is a form of cooking that involves dry heat applied to the
surface of food, commonly from above or below. Grilling
usually involves quite a lot of direct, radiant heat, and
tends to be used for cooking quickly meat that has already
been cut into slices (or other pieces).
Food to be grilled is cooked on a grill (an
open wire grid with a heat source above or below), a grill pan
(similar to a frying pan, but with raised ridges to mimic the
wires of an open grill), or griddle (a flat plate heated from
below). Heat transfer to the food when using a grill is primarily
via thermal radiation. Heat transfer when using a grill pan or
griddle is by direct conduction. In the United States and Canada,
when the heat source for grilling comes from above, grilling is
termed broiling. In this case, the pan that holds the food is
called a broiler pan, and heat transfer is by thermal radiation.
Direct heat grilling can expose food to
temperatures often in excess of 500 °F (260 °C). Grilled meat
acquires a distinctive roast aroma from a chemical process called
the Maillard reaction. The Maillard reaction only occurs when
foods reach temperatures in excess of 310° F (155 °C).
Studies have shown that cooking beef, pork,
poultry, and fish at high temperatures can lead to the formation
of heterocyclic amines, benzopyrenes, and polycyclic aromatic
hydrocarbons, which are carcinogens. However, proper marination
may reduce the formation of these compounds. Grilling is often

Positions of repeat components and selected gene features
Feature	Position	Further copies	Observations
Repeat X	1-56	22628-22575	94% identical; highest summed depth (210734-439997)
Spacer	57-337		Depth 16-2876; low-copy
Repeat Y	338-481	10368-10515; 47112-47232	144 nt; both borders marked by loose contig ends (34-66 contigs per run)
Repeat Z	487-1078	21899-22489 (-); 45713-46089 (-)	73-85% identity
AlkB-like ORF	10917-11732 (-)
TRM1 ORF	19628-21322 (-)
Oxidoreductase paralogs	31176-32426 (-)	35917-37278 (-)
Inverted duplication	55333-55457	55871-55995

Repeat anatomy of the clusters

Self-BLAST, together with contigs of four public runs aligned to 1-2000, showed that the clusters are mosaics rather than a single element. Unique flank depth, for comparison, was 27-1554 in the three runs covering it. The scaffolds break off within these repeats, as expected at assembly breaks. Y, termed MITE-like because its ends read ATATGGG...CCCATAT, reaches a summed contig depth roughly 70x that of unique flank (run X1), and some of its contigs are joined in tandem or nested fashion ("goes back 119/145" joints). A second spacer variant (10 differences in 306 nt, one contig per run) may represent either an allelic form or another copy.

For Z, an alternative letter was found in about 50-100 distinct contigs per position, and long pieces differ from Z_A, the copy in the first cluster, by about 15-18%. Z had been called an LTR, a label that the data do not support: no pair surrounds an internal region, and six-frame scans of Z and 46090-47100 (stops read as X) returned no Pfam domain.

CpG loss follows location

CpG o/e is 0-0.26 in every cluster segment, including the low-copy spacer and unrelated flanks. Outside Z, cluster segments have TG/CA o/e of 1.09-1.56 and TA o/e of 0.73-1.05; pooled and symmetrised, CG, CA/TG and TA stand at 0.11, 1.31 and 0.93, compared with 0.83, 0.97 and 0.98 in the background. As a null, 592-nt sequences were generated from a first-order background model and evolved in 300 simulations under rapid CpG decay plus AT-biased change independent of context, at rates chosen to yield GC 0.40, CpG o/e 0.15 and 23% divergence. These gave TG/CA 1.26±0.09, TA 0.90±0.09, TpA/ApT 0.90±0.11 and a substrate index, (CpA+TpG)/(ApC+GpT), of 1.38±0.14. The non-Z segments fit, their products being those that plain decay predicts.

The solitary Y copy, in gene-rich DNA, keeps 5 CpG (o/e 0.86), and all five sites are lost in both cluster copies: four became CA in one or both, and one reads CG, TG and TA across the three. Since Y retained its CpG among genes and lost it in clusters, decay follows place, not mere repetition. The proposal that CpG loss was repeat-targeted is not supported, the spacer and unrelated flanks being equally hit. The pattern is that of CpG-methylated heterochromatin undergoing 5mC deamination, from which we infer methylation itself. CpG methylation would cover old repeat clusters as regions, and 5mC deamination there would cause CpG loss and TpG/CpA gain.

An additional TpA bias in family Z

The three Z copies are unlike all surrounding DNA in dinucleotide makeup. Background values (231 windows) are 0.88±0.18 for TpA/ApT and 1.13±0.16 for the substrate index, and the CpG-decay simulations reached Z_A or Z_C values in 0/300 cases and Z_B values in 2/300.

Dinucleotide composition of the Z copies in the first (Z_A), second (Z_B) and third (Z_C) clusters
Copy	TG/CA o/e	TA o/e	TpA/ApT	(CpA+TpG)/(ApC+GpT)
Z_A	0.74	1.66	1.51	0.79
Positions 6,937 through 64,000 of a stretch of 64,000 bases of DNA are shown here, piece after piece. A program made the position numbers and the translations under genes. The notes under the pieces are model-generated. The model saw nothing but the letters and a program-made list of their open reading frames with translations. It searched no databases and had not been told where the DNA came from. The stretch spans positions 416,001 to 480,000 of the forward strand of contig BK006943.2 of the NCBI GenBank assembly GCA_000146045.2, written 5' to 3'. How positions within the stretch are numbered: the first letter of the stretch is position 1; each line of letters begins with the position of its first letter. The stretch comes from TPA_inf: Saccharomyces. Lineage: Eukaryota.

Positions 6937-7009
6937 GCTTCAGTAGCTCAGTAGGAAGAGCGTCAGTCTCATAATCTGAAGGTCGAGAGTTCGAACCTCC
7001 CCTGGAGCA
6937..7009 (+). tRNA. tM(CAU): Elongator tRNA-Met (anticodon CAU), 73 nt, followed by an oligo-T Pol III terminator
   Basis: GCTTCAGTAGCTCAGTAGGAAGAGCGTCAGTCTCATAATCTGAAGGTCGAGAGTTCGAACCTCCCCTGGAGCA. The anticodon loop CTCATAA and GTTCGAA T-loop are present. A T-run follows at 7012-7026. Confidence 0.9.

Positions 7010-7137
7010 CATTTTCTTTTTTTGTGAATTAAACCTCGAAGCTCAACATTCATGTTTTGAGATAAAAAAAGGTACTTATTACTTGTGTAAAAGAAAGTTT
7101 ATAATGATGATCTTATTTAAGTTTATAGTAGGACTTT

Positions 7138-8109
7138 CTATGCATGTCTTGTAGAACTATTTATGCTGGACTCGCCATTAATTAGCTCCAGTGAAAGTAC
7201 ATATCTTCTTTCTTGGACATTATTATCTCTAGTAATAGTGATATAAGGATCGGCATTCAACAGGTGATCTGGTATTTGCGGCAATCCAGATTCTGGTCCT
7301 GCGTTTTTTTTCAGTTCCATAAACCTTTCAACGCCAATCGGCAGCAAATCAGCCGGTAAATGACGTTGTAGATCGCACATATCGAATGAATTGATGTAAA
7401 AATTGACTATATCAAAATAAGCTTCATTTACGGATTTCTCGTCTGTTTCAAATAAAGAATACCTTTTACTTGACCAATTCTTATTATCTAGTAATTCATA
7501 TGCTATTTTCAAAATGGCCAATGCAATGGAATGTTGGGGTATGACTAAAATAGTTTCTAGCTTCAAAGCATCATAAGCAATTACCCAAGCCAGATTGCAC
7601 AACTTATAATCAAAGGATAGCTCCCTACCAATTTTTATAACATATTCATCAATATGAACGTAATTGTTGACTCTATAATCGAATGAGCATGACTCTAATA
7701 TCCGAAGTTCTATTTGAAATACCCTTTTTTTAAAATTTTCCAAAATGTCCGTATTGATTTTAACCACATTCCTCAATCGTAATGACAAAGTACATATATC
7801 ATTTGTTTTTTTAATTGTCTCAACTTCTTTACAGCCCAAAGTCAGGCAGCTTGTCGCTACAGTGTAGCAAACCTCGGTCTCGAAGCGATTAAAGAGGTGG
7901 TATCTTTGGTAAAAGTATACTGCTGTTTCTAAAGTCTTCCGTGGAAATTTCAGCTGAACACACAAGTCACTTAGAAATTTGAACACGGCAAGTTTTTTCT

presented as a healthy alternative to cooking with oil, although
the fat and juices lost by grilling can contribute to drier food.
In the US
In the United States, use of
the word grill refers to cooking food directly over a source of
dry heat, typically with the food sitting on a metal grate that
leaves "grill marks." Grilling is usually done outdoors on
charcoal grills or gas grills, a recent trend is the concept of
infrared grilling. Grilling may also be performed using stove-top
"grill pans" which have raised metal ridges for the food to sit
on, or using an indoor electric grill.
A skewer or brochette,
or a rotisserie may be used to cook small pieces of food. The
resulting food product is often called a "kabob" or "kebab" which
means "to grill" in Persian, which is short for "shish kebab"
(shish = skewer)(similar to a "satay" in Asian cuisine, or "alambre"
in Mexican-Yucatan cuisine). Shish kebabs have a Persian origin,
but are now commonplace in American cuisine.
Mesquite or hickory
wood chips (damp) may be added on top of the coals to allow a
smoldering effect that provides additional flavor to the food.
Other hardwoods such as pecan, apple, maple and oak may also be
UK and Ireland
In the United Kingdom, Commonwealth countries (except Canada), and
Ireland, grilling generally refers to cooking food directly under
a source of direct, dry heat. The "grill" is usually a separate
part of an oven where the food is inserted just under the element.
This practice is referred to as "broiling" in North America. In
electric ovens, grilling may be accomplished by placing the food
near the upper heating element, with the lower heating element off
and the oven door partially open. Grilling in an electric oven may
create much smoke and cause splattering in the oven. Gas ovens
often have a separate compartment for grilling, as a drawer below
In Japanese cities, a yakitori cart, restaurant, or shop with
charcoal-fired grills and marinated grilled meat on a stick can
often be found. Yakiniku, or Korean barbecue, is a type of food
where meat and/or vegetables are grilled directly over small
charcoal or gas grills at high temperatures (this style of cooking
has become widely popular throughout Asia). In Malaysia,
Singapore, Indonesia, and Thailand, a popular food item from food
vendors is satay, marinated meat on a bamboo skewer grilled over a
charcoal fire and served with peanut (sate) sauce.
Main article: Gridiron (cooking)